Fundamental Controls on Petroleum Systems in Lower Paleozoic and Older Strata
AAPG Hedberg Research Conference organized through the AAPG Research Committee
- Zhijun Jin
- Sinopec, China
- Barry Katz
- Chevron, USA
AAPG Education Dept.
P.O. Box 979
Tulsa, OK 74101-0979
Tel.: (918) 560-2630
Fax: (918) 560-2678
Chevron Tech. Company
1500 Louisiana Street
Houston, TX 77002 USA
31 Xueyuan Road
Beijing 100083 China
21-24 April 2013, Beijing, China,
Optional field trip, 25-26 April
In addition to the formal conference there will be an optional field trip to the Jixian Proterozoic type section, pictured above (left), where attendees will have the opportunity to look at the Gruner stromatolites (right).
This conference aims to stimulate new ideas and joint industry-academic ventures that can accelerate the exploitation of potential petroleum systems within the Precambrian and Lower Paleozoic sedimentary record. Such advances are likely to be among some of the most significant developments for the oil and gas industry in the next decade, as younger sediments are fully exploited and as the role of unconventional resources increases.
The conference will provide a venue for both industry and academic geoscientists to increase awareness of the needs and interests of each party and focus on emerging concepts, novel technologies, and global case studies. Among the key goals of the conference is to generate new research opportunities, to identify paradigm shifts, and to raise awareness of the cross-disciplinary skill sets that are needed to solve problems related to petroleum resource prediction in Lower Paleozoic and older strata.
The conference will start with a broad general thematic session to capture thoughts from leading scientists on the nature and character of the global Lower Paleozoic and Precambrian petroleum systems, similarities and general problems. This will be followed by sessions dealing with the fundamental elements of petroleum systems in Australia, North America, North Africa, Middle East, Europe and Asia, and the uniqueness of these older systems, and conclude with a session on the technology advances and needs, and conclude with a session on selected case studies.
The conference aims to gather experts from multiple disciplines. Likely participants will include academic and industry scientists with technical backgrounds in Paleozoic and Proterozoic geology, geochemistry, carbonate reservoir geoscience, fluid flow, basin modeling, seals, and reservoir geophysics. New and different perspectives will be sought from researchers in fields that are not traditionally linked. For this reason, the conveners will also strongly encourage applications from researchers in related fields such as hydrogeology, visualization methods, numerical modeling, and biological evolution. The conference will be open to students so long as they are able to actively contribute. . Participants must be prepared to share original ideas and participate in the discussions. Total number of participants will be limited to 120 participants.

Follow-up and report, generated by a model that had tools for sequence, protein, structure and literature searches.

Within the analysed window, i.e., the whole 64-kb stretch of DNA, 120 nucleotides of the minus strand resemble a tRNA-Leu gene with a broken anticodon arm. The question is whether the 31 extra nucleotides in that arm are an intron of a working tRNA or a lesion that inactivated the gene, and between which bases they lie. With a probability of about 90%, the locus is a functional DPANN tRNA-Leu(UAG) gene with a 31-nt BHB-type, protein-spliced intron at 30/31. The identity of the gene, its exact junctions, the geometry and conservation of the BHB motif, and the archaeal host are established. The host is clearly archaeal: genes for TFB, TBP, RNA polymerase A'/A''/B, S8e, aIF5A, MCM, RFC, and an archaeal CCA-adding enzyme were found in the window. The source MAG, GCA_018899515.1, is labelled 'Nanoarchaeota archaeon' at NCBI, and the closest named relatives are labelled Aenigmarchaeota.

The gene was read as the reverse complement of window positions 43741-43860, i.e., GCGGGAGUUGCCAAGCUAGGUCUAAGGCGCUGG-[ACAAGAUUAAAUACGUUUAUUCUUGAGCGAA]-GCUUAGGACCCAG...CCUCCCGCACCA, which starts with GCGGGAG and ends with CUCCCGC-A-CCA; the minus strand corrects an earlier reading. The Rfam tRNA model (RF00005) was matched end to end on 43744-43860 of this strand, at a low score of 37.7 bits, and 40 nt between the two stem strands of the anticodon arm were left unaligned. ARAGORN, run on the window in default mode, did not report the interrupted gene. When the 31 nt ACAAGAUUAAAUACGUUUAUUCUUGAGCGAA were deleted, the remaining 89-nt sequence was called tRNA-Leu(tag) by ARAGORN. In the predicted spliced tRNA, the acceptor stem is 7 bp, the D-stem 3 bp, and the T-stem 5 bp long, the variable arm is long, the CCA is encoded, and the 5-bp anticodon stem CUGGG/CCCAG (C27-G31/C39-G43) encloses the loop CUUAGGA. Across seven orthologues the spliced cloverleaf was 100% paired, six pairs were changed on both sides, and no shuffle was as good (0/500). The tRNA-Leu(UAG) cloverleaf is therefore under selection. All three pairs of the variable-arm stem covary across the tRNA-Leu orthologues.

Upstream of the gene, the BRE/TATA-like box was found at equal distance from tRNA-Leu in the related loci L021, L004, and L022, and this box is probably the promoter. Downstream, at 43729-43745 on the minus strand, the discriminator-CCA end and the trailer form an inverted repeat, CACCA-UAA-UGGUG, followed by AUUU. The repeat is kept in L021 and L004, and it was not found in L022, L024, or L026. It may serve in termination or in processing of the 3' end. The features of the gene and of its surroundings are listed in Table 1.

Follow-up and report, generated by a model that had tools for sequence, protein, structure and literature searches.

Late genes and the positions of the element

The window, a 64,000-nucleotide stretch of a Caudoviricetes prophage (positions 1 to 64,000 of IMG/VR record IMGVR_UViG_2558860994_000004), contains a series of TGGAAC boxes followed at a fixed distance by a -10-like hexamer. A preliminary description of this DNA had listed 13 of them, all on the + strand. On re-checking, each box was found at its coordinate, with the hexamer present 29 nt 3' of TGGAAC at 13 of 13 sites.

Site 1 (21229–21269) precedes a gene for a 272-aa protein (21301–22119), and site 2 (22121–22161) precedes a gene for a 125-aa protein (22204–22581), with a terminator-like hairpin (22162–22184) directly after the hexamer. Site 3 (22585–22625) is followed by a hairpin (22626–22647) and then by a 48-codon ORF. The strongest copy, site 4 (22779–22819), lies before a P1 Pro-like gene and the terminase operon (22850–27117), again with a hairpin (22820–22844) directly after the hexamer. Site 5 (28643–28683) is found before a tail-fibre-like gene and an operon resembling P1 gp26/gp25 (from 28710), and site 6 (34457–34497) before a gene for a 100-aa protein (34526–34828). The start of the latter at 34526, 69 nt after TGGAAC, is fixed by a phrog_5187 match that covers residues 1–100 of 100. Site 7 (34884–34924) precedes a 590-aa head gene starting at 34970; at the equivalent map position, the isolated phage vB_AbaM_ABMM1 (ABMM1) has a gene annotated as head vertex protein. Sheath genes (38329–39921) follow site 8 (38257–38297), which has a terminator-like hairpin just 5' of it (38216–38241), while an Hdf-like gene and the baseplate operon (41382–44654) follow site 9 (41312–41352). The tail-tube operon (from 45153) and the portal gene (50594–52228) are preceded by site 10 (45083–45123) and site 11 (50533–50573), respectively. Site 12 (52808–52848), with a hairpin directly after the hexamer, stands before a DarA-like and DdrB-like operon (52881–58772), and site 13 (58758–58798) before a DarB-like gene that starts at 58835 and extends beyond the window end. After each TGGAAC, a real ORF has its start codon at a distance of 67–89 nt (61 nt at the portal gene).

Sunday, 21 April, will serve as arrival day with an opening icebreaker planned for that evening. The conference will comprise three days of non-parallel oral and poster presentations (22-24 April 2013). English will be the official language for both oral and poster presentations, with simultaneous Chinese translation available for the oral presentations. Talks and panel sessions will be used to introduce different themes. The conference will place a strong emphasis on group discussions as well as interactions around posters. In addition to the formal conference there will be an optional field trip (25-26 April 2013) to the Jixian Proterozoic type section, located in the City of Tianjin, east of Beijing.
The program will be split in 6 sessions corresponding to the different themes listed below:
- Fundamental controls on the occurrence of petroleum resources and reserves in old petroleum systems (“what makes these systems unique”);
- Precambrian and Lower Paleozoic source rocks – Kerogen and its precursors; oil and gas geochemistry (fundamentals related to hydrocarbon correlation with extremely old source rocks, biomarkers for early organisms), thermal maturity, thermal cracking and oil to gas evolution;
- Reservoirs – Long diagenetic histories, porosity evolution, the importance of carbonate reservoirs;
- Caprocks and traps - challenges of hydrocarbon retention, the importance of timing, the role and challenges of recognizing multi-episode petroleum charging and seal failure, with long and potential complex tectonic histories;
- New technologies - geophysical imaging of sub-salt carbonate reservoirs; age diagnostic biomarkers for the Paleozoic; fluid properties from Paleozoic source rocks; and how to use alternative thermal maturity indicators to calibrate models of Precambrian systems prior to the existence of vitrinite; etc..
- Case Studies. A selection of industry case studies will be solicited to address components within each of the technical themes.
These will serve to establish the community’s knowledge baseline and provide a common platform for discussion among meeting participants. This common platform will identify gaps in knowledge and provide the foundation for a discussion of potential research paths for each of the technical themes. It will also familiarize the academic community with industry’s focus and key areas of technical concern. This could result in research directed at areas of commercial concern. All too often academic researchers are guessing what industry knows and needs. The case studies will focus on Precambrian and Lower Paleozoic petroleum systems that are producing and/or being tested, including both conventional and unconventional systems.